Ramana Balachandran’s voice is as melodious as his veena

At a recent chamber concert in Chennai, the youngster showcased the art of fine balancing

April 12, 2024 06:09 pm | Updated April 18, 2024 04:58 pm IST

Ramana Balachandran at one of his earlier concerts in Chennai.

Ramana Balachandran at one of his earlier concerts in Chennai. | Photo Credit: K.V.Srinivasan

Musiri House was jam-packed and filled with a diverse array of people. Veena concerts are usually poorly attended but Ramana Balachandran has carved his own fan base. Ramana, along with Anantha R. Krishnan on the mridangam presented a three-hour chamber concert that left the audience wanting more. A fine sense of balance prevailed throughout the recital and this was one of the factors contributing to the overall success of the performance.

Ramana is blessed with a voice that almost acts as an extension of his veena. A few years ago, there was criticism in some quarters that Ramana’s performances involved more singing than playing the veena and that it was slightly distracting to listeners. But today, Ramana has managed to balance these aspects favourably. Listeners have also got attuned to his distinct style of delivery that seems to work well, especially when it comes to retaining the audience’s attention.

Instrumentalists experience a unique challenge when it comes to manodharma and that is executing clearly on their vadhyams what they conceive in their mind spontaneously. Ramana’s alapana sections sparkled with clarity. This can only be attributed to his effortless execution of ideas almost instantaneously as he envisions them. Take for instance, his exploration of Natakapriya — it was truly a free-flowing gayaki style alapana that comes after deep engagement with the raga and unparalleled control over the instrument. Even the alapana performed as part of the RTP in Khamas was extraordinarily visualised. Ramana’s raga alapanas clearly emphasise his distinct approach to handling ragas — extempore outpourings that are a result of extreme concentration and rigorous practice, which requires considerable intellectual balancing. His tanam in Khamas was clearly unconventional and a search on its own. It can only be described as an effort to expand the potential of the instrument itself, similar to what the great S. Balachander did.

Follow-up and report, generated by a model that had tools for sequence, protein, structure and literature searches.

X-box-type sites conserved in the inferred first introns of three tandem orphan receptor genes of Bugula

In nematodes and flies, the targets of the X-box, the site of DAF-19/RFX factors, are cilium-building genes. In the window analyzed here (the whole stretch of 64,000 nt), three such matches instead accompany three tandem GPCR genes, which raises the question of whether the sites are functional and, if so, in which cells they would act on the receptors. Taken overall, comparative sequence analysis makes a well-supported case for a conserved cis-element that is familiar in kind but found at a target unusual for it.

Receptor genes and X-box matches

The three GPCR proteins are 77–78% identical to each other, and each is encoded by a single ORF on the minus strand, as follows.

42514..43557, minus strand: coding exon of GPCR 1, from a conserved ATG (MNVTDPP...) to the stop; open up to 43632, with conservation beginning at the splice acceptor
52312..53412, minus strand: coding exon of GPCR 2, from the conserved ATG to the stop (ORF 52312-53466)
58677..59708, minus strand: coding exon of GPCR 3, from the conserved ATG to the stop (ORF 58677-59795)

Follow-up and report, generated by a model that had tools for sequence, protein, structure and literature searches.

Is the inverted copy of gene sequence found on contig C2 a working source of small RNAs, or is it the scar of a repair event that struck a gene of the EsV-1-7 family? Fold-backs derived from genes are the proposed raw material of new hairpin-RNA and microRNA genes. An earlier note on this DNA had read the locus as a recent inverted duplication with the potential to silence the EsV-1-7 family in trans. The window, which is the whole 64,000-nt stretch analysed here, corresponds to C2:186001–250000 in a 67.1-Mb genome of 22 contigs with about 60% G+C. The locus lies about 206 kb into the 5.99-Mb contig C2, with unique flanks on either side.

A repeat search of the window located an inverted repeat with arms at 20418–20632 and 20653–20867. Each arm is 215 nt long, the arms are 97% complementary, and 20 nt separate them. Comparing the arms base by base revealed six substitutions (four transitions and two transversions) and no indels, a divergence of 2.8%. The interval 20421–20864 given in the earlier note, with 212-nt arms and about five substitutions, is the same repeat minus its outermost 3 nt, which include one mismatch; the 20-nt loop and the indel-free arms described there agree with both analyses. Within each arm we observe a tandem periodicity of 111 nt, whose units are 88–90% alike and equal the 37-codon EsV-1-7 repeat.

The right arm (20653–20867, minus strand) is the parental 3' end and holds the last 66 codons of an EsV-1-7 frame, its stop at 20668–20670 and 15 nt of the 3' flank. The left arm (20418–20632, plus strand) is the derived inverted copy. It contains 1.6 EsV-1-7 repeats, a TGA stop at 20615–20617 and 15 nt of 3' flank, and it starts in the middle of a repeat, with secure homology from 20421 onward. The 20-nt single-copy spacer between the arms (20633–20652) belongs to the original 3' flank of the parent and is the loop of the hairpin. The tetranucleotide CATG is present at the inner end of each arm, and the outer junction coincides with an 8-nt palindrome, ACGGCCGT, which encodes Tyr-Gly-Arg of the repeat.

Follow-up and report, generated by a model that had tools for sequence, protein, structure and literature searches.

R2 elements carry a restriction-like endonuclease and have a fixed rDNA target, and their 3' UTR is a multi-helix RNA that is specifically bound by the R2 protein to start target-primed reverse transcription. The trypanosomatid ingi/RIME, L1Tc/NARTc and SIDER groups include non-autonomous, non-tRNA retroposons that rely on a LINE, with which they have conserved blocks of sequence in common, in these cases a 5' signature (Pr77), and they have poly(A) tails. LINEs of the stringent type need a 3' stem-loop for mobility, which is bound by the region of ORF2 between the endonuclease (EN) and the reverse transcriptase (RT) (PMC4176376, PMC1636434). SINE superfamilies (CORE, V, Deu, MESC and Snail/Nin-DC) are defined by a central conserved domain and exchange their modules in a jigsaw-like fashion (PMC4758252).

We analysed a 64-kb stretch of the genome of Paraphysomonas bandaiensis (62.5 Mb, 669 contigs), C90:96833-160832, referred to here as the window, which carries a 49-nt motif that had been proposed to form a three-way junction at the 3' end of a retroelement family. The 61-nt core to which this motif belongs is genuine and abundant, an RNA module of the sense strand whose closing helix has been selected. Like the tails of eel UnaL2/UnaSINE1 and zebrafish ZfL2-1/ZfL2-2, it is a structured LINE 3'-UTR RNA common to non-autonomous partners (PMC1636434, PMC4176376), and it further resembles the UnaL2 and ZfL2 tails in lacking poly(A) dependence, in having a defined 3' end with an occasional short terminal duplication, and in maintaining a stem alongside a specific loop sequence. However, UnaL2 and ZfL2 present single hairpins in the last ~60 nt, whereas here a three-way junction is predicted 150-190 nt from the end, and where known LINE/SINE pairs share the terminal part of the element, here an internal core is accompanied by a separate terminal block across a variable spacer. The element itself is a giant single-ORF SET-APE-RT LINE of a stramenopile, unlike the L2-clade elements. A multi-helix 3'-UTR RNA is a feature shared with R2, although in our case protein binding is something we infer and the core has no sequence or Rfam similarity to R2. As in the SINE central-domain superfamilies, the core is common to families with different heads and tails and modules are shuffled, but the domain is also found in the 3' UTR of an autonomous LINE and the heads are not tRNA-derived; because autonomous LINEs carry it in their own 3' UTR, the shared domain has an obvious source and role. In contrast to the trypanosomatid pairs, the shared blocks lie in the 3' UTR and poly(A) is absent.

Swarakalpanas were included in the initial Andholika kriti (raga Sudha Rasa) and the Natakapriya piece (Idi Samayamu). The Andholika swaras, though deceptively simple to hear proved Ramana’s technical mastery as he embellished the mel kaala swaras with super-fast rigorous meetus. The final swara that involved a SRM pattern was magnificently delivered, reminding one of speedy Hindustani taranas performed on the sitar.

Anantha and Ramana seemed to be perfectly in sync with one another during the kalpanaswara sections, almost as if everything was rehearsed well in advance. It is appreciable that Anantha could anticipate almost every move of Ramana instinctively, especially during the swaras at the charanam ‘Murahara mandara’ in Natakapriya. Anantha struck a desirable balance between unobtrusive and loud throughout the recital, knowing how to skilfully highlight and complement Ramana’s hard work. Ramana exploited the tala well to perform some complex rhythmic exercises in the swaras with Anantha tracing the patterns on the mridangam, proving to be a fun and wholesome experience for the excited audience. Whether it was a swara centred around a principal note or a swara involving judicious usage of jantais, Ramana displayed some brilliant ideas. The pallavi line for the RTP in a simple rendu kalai Adi talam ‘Thiruvarul alladhu enna saathiyam annamalai ramanarin’ was demonstrated vocally by Ramana before he took a deep dive through his vaadhyam, ending with a pleasant ragamalika suite that enhanced the scheme of the pallavi.

The other compositions played were Syama Sastri’s ‘Devi brova’ (Chinthamani), ‘Manadho kadho’ (Kapi), ‘Unnai ninaindhale’ (Senchurutti) and ‘Kaya hi pandhari’ (Abhang). The concert ended with a traditional prayer to Arunachala Shiva of Tiruvannamalai. The veena, originally designed for chamber performances retains its sheen when performed in small spaces like Musiri House. This particular recital was special, as it was organised in honour of Musiri Subramania Iyer’s 125th birth anniversary.

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